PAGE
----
James Ihaka

James Ihaka is a Herald reporter based in Hamilton.

Showcasing the south: Southside Arts Festival

Three-week festival ranges across arts from orchestral performances to street events.

Secret Walls will encourage artists and spectators to interact.
Secret Walls will encourage artists and spectators to interact.

Arts aficionados, dance lovers and fashionistas will be spoiled for choice at what is being described as one of the most exciting events on the Auckland arts calendar.

The Southside Arts Festival starts on Thursday at venues around Auckland, showcasing some of the best Maori and Pasifika talent with a distinctly Manukau flavour.

The festival, previously known as the Manukau Festival of Arts, encompasses theatre, music, dance, fashion, street and visual arts and the written word, with a line-up of more than 20 events and performances - all celebrating the creative talents that have emerged from Manukau.

International guests, accomplished South Auckland artists and emerging and established Maori and Pacific artists will show off their work over the next three weeks.

The acts include Ladi6, internationally renowned baritone Eddie Muliau'maseali'i, Okareka Dance Company, Iva Lamkum, Mara TK, New York-based Lorene Taurerewa and members of the three-time world hip-hop dance champions, The Royal Family.

Auckland Mayor Len Brown, formerly Mayor of Manukau, said the city's long-term plan committed it to making arts and culture a part of Aucklanders' everyday lives.

He said the festival was one of the most exciting events on Auckland's arts calendar.

Hip-hop artist Ladi6 will be a highlight of the festival.
Hip-hop artist Ladi6 will be a highlight of the festival.

"The southside of Auckland is home to some of the hottest emerging and established talent in the country and this is a great opportunity to showcase that talent."

Auckland Council's senior programme leader for arts and culture, James Pinker, said the vibrant and diverse South Auckland arts scene was "absolutely going gangbusters".

He said this year's festival would reach a broader base of people with some of its events taking place outside of Manukau City - at the Auckland Museum, the Auckland Art Gallery and the Pah Homestead.

People living in the CBD are also invited to take part in the Southern Gallery Express Art Tour, a free cultural jaunt that departs from Karangahape Rd and explores visual arts exhibitions in South Auckland's creative hotspots every Saturday during the festival.

"We look at it as showing the rest of Auckland the brilliance of South Auckland and to demonstrate that Auckland is one city now," said Mr Pinker.

"The kaupapa [idea] grew from a Manukau City Council initiative and some of the more vibrant work needs to be seen across the city, but it's still South Auckland-centric, without a doubt."

A design from Cult Couture.
A design from Cult Couture.

Mr Pinker said a number of events should not be missed.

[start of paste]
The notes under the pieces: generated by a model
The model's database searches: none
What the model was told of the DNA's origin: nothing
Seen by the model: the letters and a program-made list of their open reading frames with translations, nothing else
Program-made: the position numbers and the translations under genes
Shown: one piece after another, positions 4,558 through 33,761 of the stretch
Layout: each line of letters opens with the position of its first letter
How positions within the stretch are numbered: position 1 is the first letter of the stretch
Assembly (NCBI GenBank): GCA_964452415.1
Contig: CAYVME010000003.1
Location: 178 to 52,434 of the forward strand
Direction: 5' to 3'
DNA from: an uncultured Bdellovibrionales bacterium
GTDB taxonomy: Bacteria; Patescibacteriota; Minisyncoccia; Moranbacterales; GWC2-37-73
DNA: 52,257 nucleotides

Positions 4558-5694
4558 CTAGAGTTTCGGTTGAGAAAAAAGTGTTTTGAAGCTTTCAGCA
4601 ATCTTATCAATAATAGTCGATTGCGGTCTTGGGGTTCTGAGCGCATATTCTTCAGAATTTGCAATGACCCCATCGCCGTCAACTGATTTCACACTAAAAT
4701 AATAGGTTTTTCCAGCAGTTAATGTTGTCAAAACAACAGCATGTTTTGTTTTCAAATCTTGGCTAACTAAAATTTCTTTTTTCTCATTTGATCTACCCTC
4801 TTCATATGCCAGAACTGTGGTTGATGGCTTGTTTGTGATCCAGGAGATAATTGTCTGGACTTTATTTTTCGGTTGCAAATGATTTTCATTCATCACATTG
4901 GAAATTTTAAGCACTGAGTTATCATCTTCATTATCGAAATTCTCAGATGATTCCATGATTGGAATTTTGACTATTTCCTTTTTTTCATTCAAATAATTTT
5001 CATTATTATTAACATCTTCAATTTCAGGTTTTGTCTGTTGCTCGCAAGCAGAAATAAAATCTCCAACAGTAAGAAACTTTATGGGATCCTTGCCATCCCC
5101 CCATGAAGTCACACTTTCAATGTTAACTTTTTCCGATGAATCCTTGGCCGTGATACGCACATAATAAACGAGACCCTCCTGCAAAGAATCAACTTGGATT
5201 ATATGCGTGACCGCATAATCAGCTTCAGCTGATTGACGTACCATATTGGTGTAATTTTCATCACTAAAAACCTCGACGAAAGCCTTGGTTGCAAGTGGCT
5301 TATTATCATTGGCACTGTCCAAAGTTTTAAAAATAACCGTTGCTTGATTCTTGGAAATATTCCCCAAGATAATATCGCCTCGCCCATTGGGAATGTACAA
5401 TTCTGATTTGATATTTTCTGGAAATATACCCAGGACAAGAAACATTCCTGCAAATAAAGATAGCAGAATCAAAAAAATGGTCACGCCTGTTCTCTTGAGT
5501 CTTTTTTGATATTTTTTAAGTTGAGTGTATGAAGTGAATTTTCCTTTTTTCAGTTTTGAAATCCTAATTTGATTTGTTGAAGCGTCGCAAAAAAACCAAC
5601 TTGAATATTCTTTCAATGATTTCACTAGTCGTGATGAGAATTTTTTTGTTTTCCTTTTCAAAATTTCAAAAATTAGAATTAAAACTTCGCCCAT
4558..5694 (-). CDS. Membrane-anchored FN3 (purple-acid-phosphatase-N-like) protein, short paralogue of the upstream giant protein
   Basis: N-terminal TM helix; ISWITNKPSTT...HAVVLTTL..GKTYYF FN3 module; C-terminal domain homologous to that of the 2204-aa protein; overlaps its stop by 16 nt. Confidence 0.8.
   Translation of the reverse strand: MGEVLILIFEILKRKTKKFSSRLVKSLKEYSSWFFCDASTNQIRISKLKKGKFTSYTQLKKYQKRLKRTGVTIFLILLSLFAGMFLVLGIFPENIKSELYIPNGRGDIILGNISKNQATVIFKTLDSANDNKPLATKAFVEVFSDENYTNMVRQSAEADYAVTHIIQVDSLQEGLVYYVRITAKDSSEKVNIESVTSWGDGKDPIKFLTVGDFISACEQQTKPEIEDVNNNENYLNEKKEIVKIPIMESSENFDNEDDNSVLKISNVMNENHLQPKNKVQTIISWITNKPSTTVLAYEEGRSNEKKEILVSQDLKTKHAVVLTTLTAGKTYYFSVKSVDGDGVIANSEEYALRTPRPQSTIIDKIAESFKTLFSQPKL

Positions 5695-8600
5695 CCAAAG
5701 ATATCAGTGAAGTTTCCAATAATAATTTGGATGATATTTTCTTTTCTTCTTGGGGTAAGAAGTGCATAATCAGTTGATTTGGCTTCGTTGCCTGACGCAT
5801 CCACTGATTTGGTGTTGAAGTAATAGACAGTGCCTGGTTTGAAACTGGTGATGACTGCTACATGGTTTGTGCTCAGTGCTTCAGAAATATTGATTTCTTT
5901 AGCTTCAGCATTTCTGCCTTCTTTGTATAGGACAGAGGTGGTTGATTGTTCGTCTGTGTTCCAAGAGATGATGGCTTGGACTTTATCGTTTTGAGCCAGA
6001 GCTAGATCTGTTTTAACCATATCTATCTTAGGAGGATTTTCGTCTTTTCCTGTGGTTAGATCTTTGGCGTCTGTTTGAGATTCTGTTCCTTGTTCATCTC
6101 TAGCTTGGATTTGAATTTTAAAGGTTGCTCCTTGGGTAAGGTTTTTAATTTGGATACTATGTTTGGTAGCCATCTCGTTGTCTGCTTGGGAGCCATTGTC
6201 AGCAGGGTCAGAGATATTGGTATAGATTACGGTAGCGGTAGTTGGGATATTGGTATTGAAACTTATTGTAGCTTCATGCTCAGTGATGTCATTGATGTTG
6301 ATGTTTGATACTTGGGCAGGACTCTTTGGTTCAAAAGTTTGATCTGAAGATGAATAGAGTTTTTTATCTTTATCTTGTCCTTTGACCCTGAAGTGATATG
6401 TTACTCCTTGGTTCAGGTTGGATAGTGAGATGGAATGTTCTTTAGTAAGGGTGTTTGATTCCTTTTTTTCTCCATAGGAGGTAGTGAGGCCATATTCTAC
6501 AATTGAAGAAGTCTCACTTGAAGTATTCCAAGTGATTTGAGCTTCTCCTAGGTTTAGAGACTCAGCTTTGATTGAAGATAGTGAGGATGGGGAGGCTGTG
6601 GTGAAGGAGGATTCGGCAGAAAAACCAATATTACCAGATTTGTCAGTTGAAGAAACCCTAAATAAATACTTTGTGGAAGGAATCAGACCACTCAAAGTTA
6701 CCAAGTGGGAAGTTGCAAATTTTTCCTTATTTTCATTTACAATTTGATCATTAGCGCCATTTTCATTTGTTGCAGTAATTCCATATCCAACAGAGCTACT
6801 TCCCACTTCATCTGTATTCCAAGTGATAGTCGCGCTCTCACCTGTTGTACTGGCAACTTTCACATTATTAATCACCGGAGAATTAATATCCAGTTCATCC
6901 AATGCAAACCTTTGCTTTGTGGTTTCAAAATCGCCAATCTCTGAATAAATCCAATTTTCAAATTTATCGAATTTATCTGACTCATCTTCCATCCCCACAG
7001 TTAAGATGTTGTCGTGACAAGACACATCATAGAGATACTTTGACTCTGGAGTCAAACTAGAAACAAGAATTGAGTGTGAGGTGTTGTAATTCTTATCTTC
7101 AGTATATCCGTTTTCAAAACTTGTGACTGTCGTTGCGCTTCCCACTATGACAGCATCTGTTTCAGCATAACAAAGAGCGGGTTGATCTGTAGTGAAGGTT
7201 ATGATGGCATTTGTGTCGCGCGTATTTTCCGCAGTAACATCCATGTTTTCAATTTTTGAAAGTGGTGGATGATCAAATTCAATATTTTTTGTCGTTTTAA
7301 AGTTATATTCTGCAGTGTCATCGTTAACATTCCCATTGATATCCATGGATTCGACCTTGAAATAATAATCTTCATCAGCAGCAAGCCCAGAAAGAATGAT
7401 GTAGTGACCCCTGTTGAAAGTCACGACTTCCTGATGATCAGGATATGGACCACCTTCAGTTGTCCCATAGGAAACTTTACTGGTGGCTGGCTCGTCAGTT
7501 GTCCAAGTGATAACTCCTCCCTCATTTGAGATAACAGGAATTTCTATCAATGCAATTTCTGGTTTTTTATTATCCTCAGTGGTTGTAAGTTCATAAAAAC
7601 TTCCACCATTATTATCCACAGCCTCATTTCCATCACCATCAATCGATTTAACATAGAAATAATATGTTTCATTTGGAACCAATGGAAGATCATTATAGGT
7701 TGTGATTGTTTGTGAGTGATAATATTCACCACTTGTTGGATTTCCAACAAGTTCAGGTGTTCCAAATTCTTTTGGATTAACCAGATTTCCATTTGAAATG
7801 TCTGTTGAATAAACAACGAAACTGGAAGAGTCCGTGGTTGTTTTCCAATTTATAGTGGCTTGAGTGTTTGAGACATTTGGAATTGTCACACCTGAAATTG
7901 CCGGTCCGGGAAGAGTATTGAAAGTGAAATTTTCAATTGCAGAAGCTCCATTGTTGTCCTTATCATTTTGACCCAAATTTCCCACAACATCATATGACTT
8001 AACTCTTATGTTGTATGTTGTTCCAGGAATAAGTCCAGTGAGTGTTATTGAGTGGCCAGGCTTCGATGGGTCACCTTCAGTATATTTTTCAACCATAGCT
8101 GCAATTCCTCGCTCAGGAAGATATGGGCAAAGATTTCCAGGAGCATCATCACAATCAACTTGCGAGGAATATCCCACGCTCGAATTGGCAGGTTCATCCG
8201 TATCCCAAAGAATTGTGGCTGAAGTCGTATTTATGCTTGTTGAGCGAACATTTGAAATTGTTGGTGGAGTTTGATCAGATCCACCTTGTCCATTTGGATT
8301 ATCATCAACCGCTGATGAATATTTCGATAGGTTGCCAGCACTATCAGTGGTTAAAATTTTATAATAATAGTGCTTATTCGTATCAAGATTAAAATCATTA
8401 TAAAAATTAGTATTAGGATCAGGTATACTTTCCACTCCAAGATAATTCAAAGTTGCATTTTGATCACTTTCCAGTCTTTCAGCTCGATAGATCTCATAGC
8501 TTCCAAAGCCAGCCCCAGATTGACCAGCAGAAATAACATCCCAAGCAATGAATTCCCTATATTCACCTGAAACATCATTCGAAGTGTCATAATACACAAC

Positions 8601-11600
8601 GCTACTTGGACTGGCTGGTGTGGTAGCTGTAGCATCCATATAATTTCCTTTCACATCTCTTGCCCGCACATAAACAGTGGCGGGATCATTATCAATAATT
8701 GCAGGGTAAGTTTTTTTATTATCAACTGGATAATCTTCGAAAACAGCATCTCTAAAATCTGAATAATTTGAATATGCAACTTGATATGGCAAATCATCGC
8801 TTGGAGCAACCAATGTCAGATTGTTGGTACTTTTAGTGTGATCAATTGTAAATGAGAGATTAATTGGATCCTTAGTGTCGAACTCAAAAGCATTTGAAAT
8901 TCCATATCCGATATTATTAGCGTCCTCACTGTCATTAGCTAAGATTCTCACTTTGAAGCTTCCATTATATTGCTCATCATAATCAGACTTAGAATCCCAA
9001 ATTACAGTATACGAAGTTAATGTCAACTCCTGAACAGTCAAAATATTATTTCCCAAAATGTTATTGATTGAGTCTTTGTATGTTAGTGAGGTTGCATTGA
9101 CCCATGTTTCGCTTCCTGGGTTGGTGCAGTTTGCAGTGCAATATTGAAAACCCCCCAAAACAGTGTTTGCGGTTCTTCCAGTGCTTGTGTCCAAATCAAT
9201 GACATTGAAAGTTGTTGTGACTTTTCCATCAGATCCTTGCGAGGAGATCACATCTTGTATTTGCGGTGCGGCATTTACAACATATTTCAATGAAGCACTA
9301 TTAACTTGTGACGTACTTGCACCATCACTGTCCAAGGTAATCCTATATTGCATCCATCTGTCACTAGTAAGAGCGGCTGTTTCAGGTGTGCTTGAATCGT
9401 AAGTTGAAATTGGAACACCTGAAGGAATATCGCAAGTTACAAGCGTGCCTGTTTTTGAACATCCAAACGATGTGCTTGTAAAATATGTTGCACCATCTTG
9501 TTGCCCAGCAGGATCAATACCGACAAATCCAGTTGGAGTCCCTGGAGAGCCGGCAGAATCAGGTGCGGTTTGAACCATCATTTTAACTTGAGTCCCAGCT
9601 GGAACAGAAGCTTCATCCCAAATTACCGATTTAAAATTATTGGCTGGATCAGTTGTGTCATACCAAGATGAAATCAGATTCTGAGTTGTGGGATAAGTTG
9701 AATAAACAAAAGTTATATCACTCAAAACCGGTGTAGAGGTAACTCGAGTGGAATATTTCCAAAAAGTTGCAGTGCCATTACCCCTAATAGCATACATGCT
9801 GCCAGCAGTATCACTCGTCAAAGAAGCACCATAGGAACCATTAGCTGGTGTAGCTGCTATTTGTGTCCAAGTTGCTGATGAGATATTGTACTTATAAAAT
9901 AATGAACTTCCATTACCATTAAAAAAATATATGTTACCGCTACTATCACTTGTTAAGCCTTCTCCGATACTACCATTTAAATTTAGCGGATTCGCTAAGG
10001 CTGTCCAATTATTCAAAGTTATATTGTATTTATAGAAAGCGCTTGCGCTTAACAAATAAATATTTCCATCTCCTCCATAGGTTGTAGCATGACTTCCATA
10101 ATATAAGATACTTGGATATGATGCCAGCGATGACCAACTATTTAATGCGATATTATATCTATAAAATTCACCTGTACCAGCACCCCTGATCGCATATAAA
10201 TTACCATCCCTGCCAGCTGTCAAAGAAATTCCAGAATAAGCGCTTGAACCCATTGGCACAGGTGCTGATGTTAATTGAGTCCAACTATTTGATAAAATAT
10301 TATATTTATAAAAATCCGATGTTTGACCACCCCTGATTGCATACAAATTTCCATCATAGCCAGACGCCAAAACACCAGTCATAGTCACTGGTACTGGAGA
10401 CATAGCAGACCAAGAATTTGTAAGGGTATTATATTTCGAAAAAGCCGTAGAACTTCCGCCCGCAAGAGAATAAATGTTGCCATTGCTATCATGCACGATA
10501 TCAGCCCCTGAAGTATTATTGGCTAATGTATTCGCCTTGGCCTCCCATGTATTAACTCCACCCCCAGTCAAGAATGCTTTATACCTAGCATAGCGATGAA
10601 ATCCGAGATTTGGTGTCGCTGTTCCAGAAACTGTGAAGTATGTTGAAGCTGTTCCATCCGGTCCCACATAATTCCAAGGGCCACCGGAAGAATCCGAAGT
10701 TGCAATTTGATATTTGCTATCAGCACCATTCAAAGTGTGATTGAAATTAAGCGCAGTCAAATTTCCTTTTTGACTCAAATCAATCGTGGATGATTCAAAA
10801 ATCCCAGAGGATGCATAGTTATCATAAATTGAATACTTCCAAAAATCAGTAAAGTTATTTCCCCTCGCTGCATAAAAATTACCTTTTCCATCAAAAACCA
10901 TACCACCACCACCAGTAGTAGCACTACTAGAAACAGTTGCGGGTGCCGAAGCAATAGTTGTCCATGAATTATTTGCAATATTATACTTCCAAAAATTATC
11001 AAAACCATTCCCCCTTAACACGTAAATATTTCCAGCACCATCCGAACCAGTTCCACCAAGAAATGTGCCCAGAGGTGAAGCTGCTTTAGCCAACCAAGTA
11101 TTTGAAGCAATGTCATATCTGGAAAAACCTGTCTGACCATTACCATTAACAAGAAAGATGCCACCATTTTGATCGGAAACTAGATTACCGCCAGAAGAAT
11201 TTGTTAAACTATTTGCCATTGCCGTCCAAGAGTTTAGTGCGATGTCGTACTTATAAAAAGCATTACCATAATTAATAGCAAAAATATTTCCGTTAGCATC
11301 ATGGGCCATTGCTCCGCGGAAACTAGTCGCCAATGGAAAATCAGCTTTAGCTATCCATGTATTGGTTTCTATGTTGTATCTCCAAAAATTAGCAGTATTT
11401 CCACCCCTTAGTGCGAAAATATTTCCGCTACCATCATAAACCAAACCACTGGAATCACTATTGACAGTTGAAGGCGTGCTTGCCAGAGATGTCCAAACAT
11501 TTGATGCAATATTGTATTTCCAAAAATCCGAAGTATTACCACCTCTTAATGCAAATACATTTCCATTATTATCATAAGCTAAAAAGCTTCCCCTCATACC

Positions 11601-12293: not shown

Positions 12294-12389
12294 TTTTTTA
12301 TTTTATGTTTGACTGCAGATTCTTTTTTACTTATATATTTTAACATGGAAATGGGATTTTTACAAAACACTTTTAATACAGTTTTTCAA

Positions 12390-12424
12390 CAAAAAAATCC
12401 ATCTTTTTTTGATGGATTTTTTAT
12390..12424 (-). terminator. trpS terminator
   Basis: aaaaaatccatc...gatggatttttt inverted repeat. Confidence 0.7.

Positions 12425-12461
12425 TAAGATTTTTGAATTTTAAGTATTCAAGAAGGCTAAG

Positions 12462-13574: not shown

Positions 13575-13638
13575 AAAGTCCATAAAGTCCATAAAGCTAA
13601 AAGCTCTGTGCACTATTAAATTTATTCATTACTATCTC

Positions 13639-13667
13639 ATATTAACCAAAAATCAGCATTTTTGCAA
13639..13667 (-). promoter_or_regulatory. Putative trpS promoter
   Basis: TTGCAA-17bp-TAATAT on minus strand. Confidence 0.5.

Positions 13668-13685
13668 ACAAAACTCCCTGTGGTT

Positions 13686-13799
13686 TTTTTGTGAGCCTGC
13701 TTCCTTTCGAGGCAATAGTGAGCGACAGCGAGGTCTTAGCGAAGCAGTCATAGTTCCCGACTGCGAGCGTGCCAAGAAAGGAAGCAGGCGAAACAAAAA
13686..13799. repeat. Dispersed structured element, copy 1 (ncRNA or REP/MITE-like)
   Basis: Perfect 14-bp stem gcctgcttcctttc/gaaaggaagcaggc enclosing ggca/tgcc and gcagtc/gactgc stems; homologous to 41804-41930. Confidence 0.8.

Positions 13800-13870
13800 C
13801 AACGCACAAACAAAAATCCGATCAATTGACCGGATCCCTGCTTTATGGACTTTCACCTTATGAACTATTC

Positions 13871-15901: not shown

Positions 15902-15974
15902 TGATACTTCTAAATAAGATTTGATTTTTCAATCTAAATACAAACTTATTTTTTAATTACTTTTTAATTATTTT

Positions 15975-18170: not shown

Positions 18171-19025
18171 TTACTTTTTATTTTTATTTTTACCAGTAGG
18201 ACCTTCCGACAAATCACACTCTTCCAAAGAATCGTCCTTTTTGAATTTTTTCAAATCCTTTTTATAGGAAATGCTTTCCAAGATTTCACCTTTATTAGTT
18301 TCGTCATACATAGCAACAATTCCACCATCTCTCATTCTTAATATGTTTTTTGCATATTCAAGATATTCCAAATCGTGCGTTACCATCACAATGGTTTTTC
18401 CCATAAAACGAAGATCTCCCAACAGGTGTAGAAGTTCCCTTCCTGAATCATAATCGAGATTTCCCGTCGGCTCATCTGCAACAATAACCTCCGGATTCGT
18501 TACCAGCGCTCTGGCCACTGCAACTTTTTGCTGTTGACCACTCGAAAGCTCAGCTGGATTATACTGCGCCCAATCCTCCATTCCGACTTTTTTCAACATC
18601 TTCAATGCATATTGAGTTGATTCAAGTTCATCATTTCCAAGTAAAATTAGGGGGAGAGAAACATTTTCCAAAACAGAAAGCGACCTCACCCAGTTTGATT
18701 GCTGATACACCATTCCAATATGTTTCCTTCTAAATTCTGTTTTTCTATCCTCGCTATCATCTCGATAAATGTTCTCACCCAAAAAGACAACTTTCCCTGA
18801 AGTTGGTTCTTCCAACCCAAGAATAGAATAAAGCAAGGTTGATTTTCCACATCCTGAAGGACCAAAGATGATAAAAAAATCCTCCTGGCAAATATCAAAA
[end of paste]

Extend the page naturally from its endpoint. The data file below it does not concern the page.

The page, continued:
"The Southside gig will be absolutely brilliant - a great selection. I think the Cult Couture will be fantastic, and for people who aren't exposed to orchestral music, the Manukau Symphony Orchestra's We are Pasifika will be a personal highlight of mine."

More than half of this year's festival, which ends on November 3, is free for people to attend.

Festival a showcase of talent: Festival Highlights

At Vodafone Events Centre
October 25: The Mixer is a one-night-only gig by some of the very best Polynesian musical talent. The 2013 Mixer's theme is Old Skool, with all musicians, including R&B songstress Ria, contemporary rapper/composer Anonymouz, bands Three Houses Down and Sons of Zion, and Dei Hamo with DJ Al Goodie all performing.

October 26: The Southside Gig Includes a workshop by the ReQuest Dance Crew; and a Graf-Art competition judged by Canada's Kaput and hosted by Aotearoa's Bobby Hung. BGirl Bonita from The Rock Steady Crew, New York hip-hop pioneers, will oversee a series of workshops, performances and battles featuring some of the finest Bboys and Bgirls from around Aotearoa. Ends with a free concert headlined by Ladi6 with support from underground hip-hoppers Raiza Biza and Team Dynamite.

November 2: Cult Couture is a large-scale avant-garde fashion showcase with a Pacific twist featuring some of the country's best emerging fashion designers who compete for a $12,000 prize pool to support their fashion careers.

Elsewhere
The Southern Gallery Express Art Tour is a free cultural jaunt taking place every Saturday in the Festival. Ticket holders board the bus in K' Rd and explore visual arts exhibitions in South Auckland's creative hotspots. Each tour will be hosted by artist-performers, including the brilliant South Auckland Poets' Collective.

Theatre productions include the Mangere Arts Centre season of Auckland Theatre Company's Niu Sila by Oscar Kightley and Dave Armstrong, and The First Asian AB, directed by Renee Liang and performed by Ben Teh and Paul Fagamalo.

The music programme includes a large-scale Manukau Symphony Orchestra concert, We Are Pasifika, featuring sopranos Daphne Collins and Rejieli Paulo and international baritone Eddie Muliau'maseali'i and conducted by Opeloge Ah Sam. There's also a children's concert by the award-winning Manukau Concert Band.

Visual arts highlights include Secret Walls x Aotearoa, New Zealand's version of the Secret Walls live art battles that originated in London.

Dance works feature Where is Home? by Okareka Dance Company, Home, Land and Sea by LIMA Dance Theatre, as well as a Pacific Dance ChoreoLab showing.

There is also The Best of Pollywood, a screening of short films by Pacific film-makers, at the Auckland Art Gallery, curated by Craig Fasi.

- NZ Herald

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